Forensic Evidence Report, CA Commission on Fair Administration of Justice, 2007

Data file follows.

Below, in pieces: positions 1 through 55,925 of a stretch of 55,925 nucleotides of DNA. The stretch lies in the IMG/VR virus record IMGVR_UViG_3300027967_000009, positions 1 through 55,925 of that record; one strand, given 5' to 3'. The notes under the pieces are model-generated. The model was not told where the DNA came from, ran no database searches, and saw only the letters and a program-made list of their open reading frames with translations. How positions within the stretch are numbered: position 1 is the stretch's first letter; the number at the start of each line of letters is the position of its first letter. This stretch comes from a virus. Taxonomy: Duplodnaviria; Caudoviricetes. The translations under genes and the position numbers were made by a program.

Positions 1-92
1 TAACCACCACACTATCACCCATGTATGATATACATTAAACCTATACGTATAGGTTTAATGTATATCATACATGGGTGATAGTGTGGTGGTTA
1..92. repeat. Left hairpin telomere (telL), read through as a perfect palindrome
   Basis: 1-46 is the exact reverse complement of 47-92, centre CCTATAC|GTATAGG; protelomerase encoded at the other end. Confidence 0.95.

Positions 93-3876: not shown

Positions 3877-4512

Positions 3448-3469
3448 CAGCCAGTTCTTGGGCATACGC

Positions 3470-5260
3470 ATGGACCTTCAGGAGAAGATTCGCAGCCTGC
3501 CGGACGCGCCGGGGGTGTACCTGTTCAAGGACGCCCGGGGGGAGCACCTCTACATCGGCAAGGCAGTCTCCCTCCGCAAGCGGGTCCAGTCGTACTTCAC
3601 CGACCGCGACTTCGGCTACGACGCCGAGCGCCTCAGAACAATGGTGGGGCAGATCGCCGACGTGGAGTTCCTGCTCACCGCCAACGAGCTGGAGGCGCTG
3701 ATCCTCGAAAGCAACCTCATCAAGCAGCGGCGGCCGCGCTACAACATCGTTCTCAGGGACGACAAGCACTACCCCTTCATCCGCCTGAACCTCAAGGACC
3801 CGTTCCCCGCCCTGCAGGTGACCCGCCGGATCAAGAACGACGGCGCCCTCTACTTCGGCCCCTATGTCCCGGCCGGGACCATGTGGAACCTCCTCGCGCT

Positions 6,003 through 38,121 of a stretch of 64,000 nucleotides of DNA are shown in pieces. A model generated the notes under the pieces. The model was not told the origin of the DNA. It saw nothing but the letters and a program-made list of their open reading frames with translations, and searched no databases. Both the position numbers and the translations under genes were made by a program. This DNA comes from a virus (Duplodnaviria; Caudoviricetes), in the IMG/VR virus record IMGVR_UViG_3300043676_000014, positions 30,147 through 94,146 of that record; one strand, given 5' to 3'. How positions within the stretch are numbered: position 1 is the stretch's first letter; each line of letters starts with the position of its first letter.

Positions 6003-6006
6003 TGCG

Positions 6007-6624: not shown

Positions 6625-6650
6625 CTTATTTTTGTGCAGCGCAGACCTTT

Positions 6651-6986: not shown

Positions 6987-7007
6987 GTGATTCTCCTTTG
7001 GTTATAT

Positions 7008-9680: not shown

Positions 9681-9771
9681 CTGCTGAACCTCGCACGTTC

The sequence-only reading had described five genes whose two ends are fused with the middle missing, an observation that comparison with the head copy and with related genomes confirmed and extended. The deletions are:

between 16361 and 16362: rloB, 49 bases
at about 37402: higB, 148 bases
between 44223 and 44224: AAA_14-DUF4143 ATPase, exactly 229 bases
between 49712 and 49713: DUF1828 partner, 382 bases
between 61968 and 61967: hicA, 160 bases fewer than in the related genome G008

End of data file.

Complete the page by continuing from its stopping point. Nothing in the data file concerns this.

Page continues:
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May 8, 2007 CALIFORNIA COMMISSION ON THE FAIR ADMINISTRATION OF JUSTICE REPORT AND RECOMMENDATIONS REGARDING FORENSIC SCIENCE EVIDENCE The California Commission on the Fair Administration of Justice was established by California State Senate Resolution No. 44 “to study and review the administration of criminal justice in California, determine the extent to which that process has failed in the past,” examine safeguards and improvements, and recommend proposals to further ensure that the administration of criminal justice in California is just, fair and accurate. This Report will address issues surrounding the preparation and use of forensic science evidence in California criminal cases, and make recommendations to minimize the risk of wrongful conviction in such cases. The Commission previously addressed the California backlog in processing DNA samples taken from suspects arrested for violent felonies, entering that data into the national databank, and the delays in testing of rape kits and other DNA samples collected during criminal investigations. There are numerous other issues of justice, fairness and accuracy with regard to the availability and use of forensic evidence in the California criminal justice system, some of which will be addressed in this Report. The Commission convened a public hearing in Sacramento, California on January 10, 2007 to address these issues. Among the experts invited to address the Commission were Peter Neufeld, Co-Director of the Innocence Project at Benjamin N. Cardozo School of Law in New York, and a member of the New York State Commission on Forensic Science; Barry Fisher, Director of the Crime Laboratory for the Los Angeles County Sheriff Department; and Lance Gima, the Chief of the Bureau of Forensic Services for the California Department of Justice. The Commission also heard testimony from William C. Thompson, Professor and Chair of the Department of Criminology, Law & Society at the University of California, Irvine; Frederic A. Tulleners, Director of the Forensic Science Graduate Program at the University of California, Davis; Susan Rutberg, Professor of Law, Golden Gate University School of Law; Bicka Barlow, Deputy Public Defender, San Francisco; Gail Abarbanel, Director, Rape Treatment Center, 1 Santa Monica-UCLA Medical Center; Michael Chamberlain, Deputy Attorney General, State of California; Rockne Harmon, Deputy District Attorney, Alameda County; Herman Atkins, Chair of the California Council of Wrongfully Convicted; and Thomas J. Nasser, President, California Association of Crime Laboratory Directors. The presentation of forensic science evidence is often the turning point in a criminal trial. Today, the news carries reports of erroneous forensic identifications of hair, bullets, handwriting, footprints, bite marks, and even venerated fingerprints. 1 The Innocence Project at Cardozo Law School identified forensic science testing errors in 63% of 86 DNA exoneration cases analyzed, the second most common factor contributing to wrongful convictions. 2 Saks & Koehler, The Coming Paradigm Shift in Forensic Identification Science, 309 Science 892 (Aug. 5, 2005). As recently noted in the Report of the Ad Hoc Innocence Committee of the American Bar Association, three developments in the 1990’s dramatically altered the judicial approach to scientific evidence. Achieving Justice: Freeing the Innocent, Convicting the Guilty (ABA 2006). First, unlike any other forensic discipline that preceded it, DNA profiling entered the courts only after it had been extensively validated through broad research and elaborate quality assurance programs which included rigorous proficiency testing, standards for declaring a match, and the appropriate content of a report. This set a “gold standard” against which other forensic 1 A recent analysis identifies 22 reported cases of fingerprint misattributions, including the case of Brandon Mayfield, an Oregon attorney and Muslim convert wrongfully accused of participation in the Madrid terrorist train bombing, and Stephan Cowans, convicted of shooting a police officer based on fingerprint identification and eyewitness testimony, released after serving six and a half years after he was exonerated by DNA testing. The Boston Police Department acknowledged that the fingerprint identification was erroneous. Cole, More Than Zero: Accounting for Error in Latent Fingerprint Identification, 95 J. of Crim. Law & Criminology 985 (2005). 2 Some confusion has arisen regarding research as to which causes of wrongful conviction are most prevalent. In this Commission’s first report, we cited studies that report mistaken eyewitness identifications was the leading cause of wrongful convictions. Report and Recommendations Regarding Mistaken Eyewitness Identification, April 13, 2006. In our third report, regarding the use of informant testimony, we cited a study which reports that false informant testimony was the leading cause of wrongful conviction in U.S. capital cases. Report and Recommendations Regarding Informant Testimony, November, 2006. The Innocence Project data includes both capital and non-capital cases in which subsequent DNA testing exonerated the defendant. It consistently concludes that eyewitness error is the leading cause of wrongful conviction, appearing in 71% of the cases, while forensic science testing errors ranks second, appearing in 63% of the cases. More than one factor was found in many cases. See http://www.innocenceproject.org/understand/Forensic-Science-Misconduct.php The forensic testing errors identified include statistical exaggeration or misinterpretation, suppression of exculpatory evidence, lying about credentials, falsified results, contamination, and experts testifying to results of tests that were never conducted. 2 sciences are now measured and often found wanting. Raising the standards of the other forensic disciplines is all the more critical since it is the nonDNA disciplines that comprise the bulk of the crime lab’s output. According to Barry Fisher, DNA testing constitutes approximately five percent of the work of crime labs. Second, the decision of the United States Supreme Court in Daubert v. Merrill Dow Pharm., Inc., 509 U.S. 579 (1993), established a more rigorous standard of admissibility for expert testimony, requiring it to be based upon sufficient facts or data, the product of reliable principles and methods, and reliably applied to the facts of the case. The California Supreme Court rejected the application of the Daubert standard in California cases, People v. Leahy, 8 Cal.4th 587, 882 P.2d 321 (1994), retaining the more traditional “general acceptance” standard of Frye v. United States, 293 Fed. 1013 (D.C. Cir. 1923). The reinvigorated Frye standard has led to much closer scrutiny of scientific proof. 3 The third development was the exposure of serious abuse in a number of crime labs throughout the United States. Serious misconduct of forensic experts led to the reexamination of many cases in West Virginia, Oklahoma and Montana. See, e.g., In re Investigation of the W. Va. State Police Crime Lab, Serology Div., 438 S.E.2d 501 (W. Va. 1993). The Houston Police Department shut down the DNA and Serology section of its crime laboratory in early 2003 after a television exposé revealed serious deficiencies in the lab’s procedures. Two men who were falsely incriminated by botched lab work were released after subsequent DNA testing proved their innocence. In Virginia, an independent lab confirmed that DNA tests conducted by the state lab were botched and misinterpreted in the case of a man who came within days of being executed. The governor ordered a broader investigation of the state lab to determine whether these problems were endemic. See Thompson, Tarnish on the ‘Gold Standard’: Understanding Recent Problems in Forensic DNA Testing, The Champion, Jan.-Feb. 2006, p. 10. California has occasionally endured laboratory scandals. In 1994, more than 1,000 felony convictions were jeopardized by the revelation that a San Francisco police lab technician had been certifying that samples contained illicit narcotics without performing laboratory tests. Zamora, 3 Many of the most populous states followed California’s lead in rejecting the Daubert standard, including Florida, New Jersey, New York and Pennsylvania. Some of these courts believe Frye offers greater protection for criminal defendants than Daubert. See, e.g., Ramirez v. State, 810 So.2d 836, 843 (Fla. 2001). 3 “Lab Scandal Jeopardizes Integrity of San Francisco Justice; Sting Uncovered Bogus Certification,” San Francisco Examiner, Sept. 16, 1994, p. A-7. All three of these developments come into sharp focus particularly when DNA testing exonerates persons who had been convicted in reliance upon other forensic sciences that were either negligently or intentionally misapplied. The Commission learned of California cases in which wrongful convictions were at least partly attributable to erroneous non-DNA forensic evidence. Herman Atkins was convicted of rape in Riverside County in 1988, and sentenced to forty-five years in prison. After serving eleven years in prison for a crime he did not commit, he was exonerated by DNA testing conducted in 1999, which showed he was not the source of semen found on the victim’s sweater. His defense at trial was based on mistaken eyewitness identification. In testifying at his trial, a criminalist from the California State Laboratory at Riverside improperly testified that Atkins was included in a population of only 4.4% of the population that could have contributed the semen. In truth, because nothing foreign to the victim was seen, no male in the world could ever be excluded as a potential semen donor. Hence, 100% of the male population could be contributors. The serology data, in fact, was not probative of guilt or innocence but the jury was nonetheless misled by the state’s expert. See Atkins v. County of Riverside, No. 03-55844, 2005 U.S.App. LEXIS 19928 (Feb. 9, 2005); Testimony of Peter Neufeld, California Commission on the Fair Administration of Justice Sacramento Hearing, January 10, 2007. Jeffrey Rodriguez, 28, was freed in San Jose on Monday, February 5, 2007. He had served 5 years of a 25 years to life sentence for a robbery under California’s “three strikes” law. In his case, a shaky eyewitness identification was corroborated by the testimony of a criminalist who claimed his pants contained a stain with a combination of motor oil and cooking oil. Such a combination would have connected him to the crime scene. Subsequent tests by a state crime lab concluded that the stain was not as described. Although at his first trial, jurors voted 11-1 to acquit, by the time of his retrial his family ran out of money, and his lawyer failed even to call the defense witnesses who had testified at the first trial. After his conviction was set aside on appeal because of ineffective assistance of counsel, the prosecution elected to drop the charges. See Tulsky, “DA’s Office Drops Charges Amid Signs of a Wrongful Conviction,” San Jose Mercury News, Feb. 6, 2007. 4 1. Accreditation of Laboratories and Certification of Forensic Experts. In December, 1998, the California State Auditor reviewed nineteen local crime laboratories operated by police, sheriffs or district attorneys in California to assess their readiness to obtain accreditation under the standards developed by the American Society of Crime Lab Directors Laboratory Accreditation Board (ASCLD/LAB).4 To obtain accreditation, a laboratory must demonstrate that its management, operations, personnel, procedures, equipment, facility, security, and health and safety procedures meet established standards. They are also required to implement proficiency testing, continuing education, and other programs that improve the overall skills and services of laboratory personnel. The Auditor concluded that 13 of the 19 laboratories had not developed or implemented one or more of the components of a quality control system. In addition, many of the laboratories did not have proficiency testing or court monitoring programs. Through voluntary efforts, most of these shortcomings have been corrected. Seventeen of the nineteen laboratories audited in 1998 are now fully accredited by ASCLD/LAB. 5 The Commission has concluded that further action to achieve accreditation of California publicly funded crime labs is not necessary. Private laboratories also exist, two of which are ASCLD/LAB accredited. 6 The accreditation of private laboratories should also remain voluntary. California laboratories should be commended for their vigorous and sustained efforts to achieve accreditation voluntarily. The Commission does believe, however, that rigorous certification standards should be established and encouraged for individual forensic experts employed by the crime labs. While each laboratory sets its own hiring and promotion standards, there are no generally recognized standards to define who is qualified to perform analysis of evidence in any particular scientific discipline. We believe such standards should be formulated and applied on a statewide basis. Rigorous written examinations, proficiency testing, 4 The Auditor noted that the 19 laboratories examined served approximately 77% of the State’s population in 13 counties. The State Department of Justice operated full-service laboratories at 11 sites to provide services to the remaining counties in the State. The audit only addressed the readiness of the 19 local labs. California State Auditor, Forensic Laboratories: Many Face Challenges Beyond Accreditation to Assure the Highest Quality Services, p. 1 (Dec. 1998). Today, the State Department of Justice operates thirteen laboratories, all of which are fully accredited by ASCLD. 5 Only the laboratories operated by the Fresno County Sheriff and the Huntington Beach Police Department have not achieved accreditation. One additional laboratory, operated by the Los Angeles County Coroner, which was not audited in 1998, has achieved accreditation. 6 Crime Scene Technologies, San Diego and Serological Research Institute, Richmond are accredited by ASCLD. 5 continuing education, recertification procedures, an ethical code, and effective disciplinary procedures should be part of such a program. A program for Certification of Criminalists is currently available through the American Board of Criminalistics [ABC]. The ABC offers a certificate in criminalistics, as well as in the specialty disciplines of forensic biology, drug chemistry, fire debris analysis and trace evidence. Proficiency testing is an essential component of the ABC certification program. The Board has also adopted Rules of Ethics, and established a disciplinary procedure to deal with ethical infractions. See www.criminalistics.com. Whether through the ABC program or some other equivalent, California Crime Lab Directors should take the lead in encouraging certification by using it as a factor in promotion and salary decisions. Laboratories should provide the funds necessary for their criminalists and other forensic experts to achieve certification. Where appropriate, both prosecutors and criminal defense lawyers can provide additional motivation by presenting certification in the qualification of expert witnesses in court, and cross examining uncertified experts as to why they have not pursued certification. Many lawyers are not even aware of the existence of certification standards. 2. The Need for Independent Investigation of Laboratory Errors. While accreditation of laboratories assures compliance with accepted standards in procedures, management and equipment, the occasional errors and even rarer instances of misconduct that occur need to be closely scrutinized to identify the cause so that corrective measures can be taken. That scrutiny should come from an independent source, not connected with the management of the laboratory itself, which may be motivated to minimize or conceal an ongoing problem. For this very reason, the recipients of federal grants under the federal Paul Coverdell Forensic Science Improvement Grant Program are required to certify that: … a government entity exists and an appropriate process is in place to conduct independent external investigations into allegations of serious negligence or misconduct substantially affecting the integrity of forensic results committed by employees or contractors of any forensic laboratory system, medical examiner’s office, coroner’s office, law enforcement storage facility, or medical facility in the State that will receive a portion of the grant amount. 6 42 U.S.C.A. § 3797k(4) (2004). California receives Coverdell grant funds each year, which are disbursed by the Governor’s Office of Emergency Services, Law Enforcement and Victim Services Division (OES). In 2005, $1.1 million was received, and in 2006, $1.2 million was received. The OES requires each subgrantee to certify to the presence of an oversight process and describe that process. The Commission examined the oversight entity described by each of the California recipients, which included the State Department of Justice Bureau of Forensic Services, the Sheriff’s Departments of eleven counties, and six municipal police departments and three District Attorney’s offices which operate their own laboratories. In nearly every instance, the independent auditing entity described was the Internal Affairs Division of the County Sheriff’s Office or Police Department involved. 7 The Commission believes that public confidence in the independence of investigations of negligence or misconduct in the preparation or presentation of forensic evidence in criminal cases requires the involvement of a government entity that is truly independent of the police and sheriff agencies that operate the laboratories. Not all forensic laboratories, coroner’s offices or medical examiner’s offices in California are recipients of Coverdell grants, and may not have any oversight entity in place. The application of uniform standards requires consistency in the operation of the investigative function. Moreover, some of the forensic functions that prosecutors rely upon occur outside of government laboratories. Often there are small forensic operations embedded in police departments, and sometimes the expert is an independent contractor hired directly by the prosecutor (e.g., a forensic dentist opining on bite marks). The transparency of the investigative process will be hampered by a myriad of entities with varying regulations regarding disclosure of the results. The State of Texas recently responded to a similar need with the creation of the Texas Forensic Science Commission. The Commission was charged with developing and implementing a reporting system through which accredited laboratories, facilities, or entities report professional negligence or misconduct, and: . . . investigate, in a timely manner, any allegation of professional negligence or misconduct that would substantially affect the integrity 7 The exception was the Santa Clara County Crime Lab operated by the Santa Clara County District Attorney’s Office, which designates the State Attorney General for independent audits under its Coverdell Grants. 7 of the results of a forensic analysis conducted by an accredited laboratory, facility or entity. Article 38.01, Texas Code of Criminal Procedure, enacted in 2005. The Commission considered the creation of a Commission similar to the Texas model, but concluded a new level of bureaucracy is not necessary to achieve the stated goals in California. We believe the District Attorneys in each county can be relied upon to evaluate allegations of negligence or misconduct occurring in all laboratories within their county, and conduct an independent investigation where appropriate. District Attorneys can call upon the Attorney General for any additional investigative resources needed to carry out this function. County District Attorneys would have the necessary authority and independence to evaluate allegations of negligence or misconduct in the thirteen laboratories operated by the California Department of Justice as well. The results of all such independent investigations should be reported to the California Attorney General, who already has the requisite authority to maintain oversight over California District Attorneys. 8 Where a local laboratory is actually operated by the District Attorney himself or herself, as is currently the arrangement in Santa Clara, Sacramento and Kern Counties, independent examinations of allegations of negligence or misconduct should be conducted by the California Attorney General. The Commission has not addressed the procedures and policies that should be implemented when an allegation of negligence or misconduct has been sustained. There is compelling authority, however, that such information would qualify as material evidence which should be disclosed to the defendant pursuant to the obligations imposed by Brady v. Maryland, even after conviction. 9 8 California Government Code Section 12550 provides: “The Attorney General has direct supervision over the district attorneys of the several counties of the State and may require of them written reports as to the condition of public business entrusted to their charge.” 9 The prosecution has an independent, self-executing duty under the Constitution of the United States to disclose discovery material under Brady v. Maryland, 373 U.S. 83, 87 (1963). See People v. Gonzales, 51 Cal. 3d 1179, 1260-61 (1990) (noting the State's obligation to disclose Brady material continues after trial); Thomas v. Goldsmith, 979 F.2d 746 (9th Cr. 1992) (recognizing the State's continuing post-judgment obligation to disclose exculpatory information). 8 3. The Need for Forensic Science Standards in California. The Commission believes that there is a need in California for the promulgation of standards for scientific testing, report writing, and the parameters of appropriate expert testimony, as well as for greater circulation of information to all participants in the criminal justice system, and better training for those who testify as experts on any aspect of forensic science. The Forensic Science Board created by the State of Virginia provides some of these functions. The Board is charged with the power and duty to ensure the development of long-range programs and plans for the incorporation of new technologies as they become available. It reviews, amends and approves recommendations of a Scientific Advisory Committee, which in turn is charged with the following responsibilities: A. The Committee may review laboratory operations of the Department and make recommendations concerning the quality and timeliness of services furnished to user agencies. B. The Committee shall review and make recommendations as necessary to the Director of the Department and the Forensic Science Board concerning: 1. New scientific programs, protocols, and methods of testing; 2. Plans for the implementation of new programs, sustaining existing programs and improving upon them where possible, and the elimination of programs no longer needed; 3. Protocols for testing and examination methods, and guidelines for the presentation of results in court; and 4. Qualification standards for the various scientists of the Department, including the Director. C. Upon request of the Director of the Department, the Forensic Science Board, or the Governor, the Committee shall review analytical work, reports and conclusions of scientists employed by the Department. The Committee shall recommend to the Forensic Science Board a review process for the Department to use in instances where there has been an allegation of misidentification or other testing error made by the Department during its examination of evidence. Code of Virginia, § 9.1-1113 (2005). Continuing education and training of forensic science experts is essential to maintain their competency in scientific fields that are constantly 9 changing and improving. A recurring problem of resource allocation in laboratories arises when personnel must devote substantial time and effort to on-site training of individuals or small groups of employees. There is currently no State entity in California which addresses the needs for statewide training and continuing education programs which would consolidate and address the training needs of laboratories and law enforcement agencies throughout the state. In addition to the promulgation of standards, such an entity could serve as a source for coordinated training and continuing education of forensic science experts. It would also provide a valuable service to the entire criminal justice system, by serving as a source of up-todate information regarding new developments in the forensic sciences. Research needs and opportunities could be identified and funded, such as research utilizing the growing DNA database. The Commission believes the creation or designation of an entity in California to assume these responsibilities should be preceded by an opportunity for the Forensic Science community and all affected criminal justice agencies to be heard from, to elicit a wide spectrum of views as to how these needs can best be met. The legislature should undertake an examination of the comparative merits of the alternatives that are available, including the assignment of this responsibility to the California Attorney General. Legislation has already been proposed for the creation of a “Crime Laboratory Review Task Force” to address some, but not all of these concerns. [See A. B. No. 1079, Introduced by Assembly Member Richardson on February 23, 2007]. This legislation, supported by the Attorney General, could provide an excellent vehicle to elicit the input the Commission is recommending. 4. The Need for Forensic Science Training for Prosecutors, Defense Lawyers and Judges. The diversity of disciplines which become the subject of expert scientific evidence and the rapid developments in new technology present serious challenges for the California judiciary. Judges need up-to-date training to assist them in their evaluation of scientific evidence and expert testimony. Recognizing this need, in February, 2005 Chief Justice Ronald M. George of the California Supreme Court established the Judicial Council Science and the Law Steering Committee, to evaluate the needs of the courts, including guidance in developing effective education strategies and pertinent educational content. The Committee, chaired by Associate Justice 10 Ming Chin, issued its recommendations on January 10, 2007. The recommendations include a comprehensive plan to establish a statewide judicial education plan on science and technology. On February 10, 2007, the Committee issued a second set of recommendations to improve the judicial management of issues regarding science, technology and the law. These recommendations include a number of projects and resources to facilitate the exchange of information between the courts and the science and technology communities, to assess emerging issues and potential partnerships relating to science, technology and the law. The Commission commends and encourages these efforts. The recurring need for prosecutors and defense lawyers to have up-todate training in issues surrounding forensic science evidence is obvious. The challenge is to provide the resources to free overworked and heavily burdened deputies to participate in training programs. Specialized programs in DNA or other categories of scientific evidence will reach only a small proportion of the deputies who confront such issues on a day to day basis. The Commission recommends greater creativity in delivering needed training, including more on-line resources for in-office training, available on a state-wide basis. Cooperative ventures should also be encouraged, to combine the training of deputy district attorneys with the training of public defenders and defense attorneys. The essential understanding of the science involved transcends the issues of tactics that may need to be addressed in a more exclusive setting. The traditional reliance upon the adversary system to expose errors may break down when it comes to forensic science evidence. Many of the examples of wrongful convictions attributable to misconduct or negligence by forensic experts could have been avoided if defense lawyers were fully competent to challenge the evidence. But the shortcomings of defense representation go beyond the problem of education and training. There may be serious problems with regard to the availability of experts and resources for expert assistance for defense lawyers. The Commission intends to explore such problems in addressing the issues surrounding incompetence of defense attorneys in a future report. 11 Recommendations. (A) The California Commission on the Fair Administration of Justice recommends that California Crime Lab Directors encourage the certification of the forensic experts they employ, and use certification wherever possible as a basis for promotion and salary decisions. (B) The California Commission on the Fair Administration of Justice recommends that legislation be enacted to require that any allegation of professional negligence or misconduct that would affect the integrity of the results of a forensic analysis conducted by a California laboratory, facility or entity be reported in a timely manner to the District Attorney or other appropriate prosecutorial agency, and to require the District Attorney or other prosecutorial agency to which such allegations are reported to report the results of any independent investigations of such allegations to the State Attorney General. (C) The California Commission on the Fair Administration of Justice recommends that the legislature consider the creation or designation of a governmental agency or commission (which could be the office of the California Attorney General) with the power and duty to formulate and apply standards to define who is qualified to perform analysis of evidence in any particular scientific discipline on a statewide basis. The creation or designation of such an entity should be preceded by an opportunity for the Forensic Science community and all affected criminal justice agencies to be heard from, to elicit a wide spectrum of views as to how these needs can best be met. A.B. 1079, currently pending before the legislature, could provide an excellent vehicle to elicit this input. Rigorous written examinations, proficiency testing, continuing education, recertification procedures, an ethical code, and effective disciplinary procedures could be part of such a program. Such an agency could also promulgate standards for scientific testing, report writing, and the parameters of appropriate expert testimony; provide information to all participants in the criminal justice system regarding the evidentiary validity of forensic science evidence; identify and fund research needs and opportunities; and provide state-wide training programs for forensic experts. (D) The California Commission on the Fair Administration of Justice recommends that training programs for California prosecutors, defense 12 lawyers, judges and police investigators be expanded to include greater attention to the appropriate use and validity of forensic science evidence. Respectfully submitted, California Commission on the Fair Administration of Justice: John K. Van de Kamp, Chair Jon Streeter, Vice Chair Diane Bellas, Alameda County Public Defender Harold O. Boscovich, Jr., Danville Chief William Bratton, Los Angeles Police Department Jerry Brown, California Attorney General Glen Craig, Sacramento Jim Fox, San Mateo County District Attorney Rabbi Allen Freehling, Los Angeles Michael Hersek, California State Public Defender Sheriff Curtis Hill, San Benito County Prof. Bill Hing, University of California at Davis Michael P. Judge, Los Angeles County Public Defender George Kennedy, Santa Clara County District Attorney Michael Laurence, Habeas Corpus Resource Center Alejandro Mayorkas, Los Angeles Judge John Moulds, Sacramento Prof. Cookie Ridolfi, Santa Clara University School of Law Douglas Ring, Santa Monica Greg Totten, Ventura County District Attorney * Gerald F. Uelmen, Executive Director Chris Boscia, Executive Assistant California Commission on the Fair Administration of Justice 900 Lafayette St., Suite 608, Santa Clara, California 95050 Telephone 408-554-5002; FAX 408-554-5026 Website: http://www.ccfaj.org. *Commissoner Totten does not concur in Recommendation (C). While he supports the need for additional training and the establishment of additional professional standards, he does not support the creation of a new state agency to oversee crime labs or the assignment of this responsibility to an 13 existing state agency. He believes that doing so will increase state bureaucracy without producing a measurable improvement in forensic services or accuracy. 14